Perceptions of nurse managers and staff nurses regarding Technological Competency as Caring in Nursing theory in general hospitals in Japan


advanced technologies
caring in nursing
in-service education
technological competency
nurse administrators
nursing staff

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Nakano, Y., Yokotani, T., Betriana, F., Kawai, C., Ito, H., Yasuhara, Y., Tanioka, T., Locsin, R., & Miyagawa, M. (2021). Perceptions of nurse managers and staff nurses regarding Technological Competency as Caring in Nursing theory in general hospitals in Japan. Belitung Nursing Journal, 7(6), 467–475.
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Accepted for publication: 2021-10-11
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Background: Nurses as primary healthcare providers demonstrate quality nursing care through competencies with healthcare technologies, while nurse managers assume the primacy of managing quality healthcare in their respective care settings. However, little is known about perceptions of the influence of care technologies on their nursing practice.

Objective: This study aimed to determine managers’ and staff nurses’ perceptions regarding the Technological Competency as Caring in Nursing (TCCN) theory in general hospitals in Japan.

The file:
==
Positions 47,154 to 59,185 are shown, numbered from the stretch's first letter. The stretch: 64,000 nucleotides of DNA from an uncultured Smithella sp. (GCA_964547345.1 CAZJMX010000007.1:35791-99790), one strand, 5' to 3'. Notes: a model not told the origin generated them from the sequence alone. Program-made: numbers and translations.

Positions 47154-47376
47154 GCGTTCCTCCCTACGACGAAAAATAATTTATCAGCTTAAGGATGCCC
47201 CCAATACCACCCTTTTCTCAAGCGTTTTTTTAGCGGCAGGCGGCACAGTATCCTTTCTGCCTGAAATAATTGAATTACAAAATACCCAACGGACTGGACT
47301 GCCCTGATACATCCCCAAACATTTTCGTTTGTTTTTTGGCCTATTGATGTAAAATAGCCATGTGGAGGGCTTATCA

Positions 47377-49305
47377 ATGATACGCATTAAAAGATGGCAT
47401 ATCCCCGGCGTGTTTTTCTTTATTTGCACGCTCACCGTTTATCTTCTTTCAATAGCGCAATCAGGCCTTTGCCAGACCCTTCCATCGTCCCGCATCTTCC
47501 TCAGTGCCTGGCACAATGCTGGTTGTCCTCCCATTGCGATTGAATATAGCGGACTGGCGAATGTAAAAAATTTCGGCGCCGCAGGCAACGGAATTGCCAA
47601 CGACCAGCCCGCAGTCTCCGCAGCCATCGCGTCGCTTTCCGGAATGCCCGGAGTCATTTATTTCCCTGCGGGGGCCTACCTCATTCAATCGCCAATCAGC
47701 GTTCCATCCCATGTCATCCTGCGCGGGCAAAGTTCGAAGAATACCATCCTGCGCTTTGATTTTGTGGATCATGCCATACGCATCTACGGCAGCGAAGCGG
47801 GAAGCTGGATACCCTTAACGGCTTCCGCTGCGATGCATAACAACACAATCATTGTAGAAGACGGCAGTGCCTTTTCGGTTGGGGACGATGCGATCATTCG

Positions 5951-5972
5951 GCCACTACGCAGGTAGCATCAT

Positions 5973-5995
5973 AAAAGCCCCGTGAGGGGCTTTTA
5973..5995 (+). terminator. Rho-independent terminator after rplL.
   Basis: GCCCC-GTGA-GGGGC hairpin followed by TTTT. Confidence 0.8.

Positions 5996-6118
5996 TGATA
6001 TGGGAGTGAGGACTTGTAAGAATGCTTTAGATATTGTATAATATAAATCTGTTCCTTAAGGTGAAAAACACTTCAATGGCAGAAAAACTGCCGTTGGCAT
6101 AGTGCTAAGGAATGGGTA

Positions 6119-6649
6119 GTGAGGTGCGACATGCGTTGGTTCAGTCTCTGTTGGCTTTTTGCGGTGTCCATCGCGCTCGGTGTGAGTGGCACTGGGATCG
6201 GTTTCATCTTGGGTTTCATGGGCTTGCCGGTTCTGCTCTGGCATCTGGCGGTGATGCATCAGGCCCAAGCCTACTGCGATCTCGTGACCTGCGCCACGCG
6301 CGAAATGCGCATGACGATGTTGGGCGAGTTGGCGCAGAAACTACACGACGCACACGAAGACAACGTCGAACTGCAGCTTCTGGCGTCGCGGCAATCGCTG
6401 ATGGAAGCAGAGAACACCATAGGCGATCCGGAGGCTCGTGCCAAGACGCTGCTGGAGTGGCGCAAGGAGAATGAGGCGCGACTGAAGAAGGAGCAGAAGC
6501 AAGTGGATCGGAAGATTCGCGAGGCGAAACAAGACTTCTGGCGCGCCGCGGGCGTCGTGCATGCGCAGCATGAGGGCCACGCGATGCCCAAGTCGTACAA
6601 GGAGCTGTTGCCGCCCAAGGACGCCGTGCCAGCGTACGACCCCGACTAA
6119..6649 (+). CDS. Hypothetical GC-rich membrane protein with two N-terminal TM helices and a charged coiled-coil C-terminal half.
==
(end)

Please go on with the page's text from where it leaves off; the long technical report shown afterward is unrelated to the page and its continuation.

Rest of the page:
Methods: This study employed a cross-sectional survey design, with 421 participants selected using a stratified sampling method. Technological Competency as Caring in Nursing Instrument–Revised (TCCNI-R) was used for online data collection using Survey Monkey©. Data were analyzed using Welch’s t-test and ANOVA.

Results: Nurses with years of experience within the range of 20 to less than 30 years showed the highest TCCNI-R scores among the two groups. Nurses who had received education on caring in nursing showed significant differences for Factor 2 (Technological Competency as Caring), that of expressing Technological Competency as Caring. Three other factors showed no significant difference, namely in Factor 1 (Nursing Expression as Caring), Factor 3 (Technology and Caring), and Factor 4 (Technological Knowing). However, the average scores of these factors were high, which reflect high professional ethics and occupational discipline and increased awareness of caring in nursing. It was also found that the nurse managers were more aware of the TCCN than were the staff nurses. The nurse managers were also more aware of providing care using technology, recognizing the need-to-know patient needs through technology and providing care to the ever-changing patient’s condition.

Conclusion: The study discovered that continuing education is needed regarding the practice of nursing based on theory, enabling appropriate and accurate understanding of practicing knowing persons as caring in nursing.

Supporting Agencies

JSPS KAKENHI Grant Number JP17K12159


Copyright (c) 2021 Youko Nakano, Tomoya Yokotani, Feni Betriana, Chihiro Kawai, Hirokazu Ito, Yuko Yasuhara, Tetsuya Tanioka, Rozzano Locsin, Misao Miyagawa

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This work is licensed under a Creative Commons Attribution-NonCommercial 4.0 International License.

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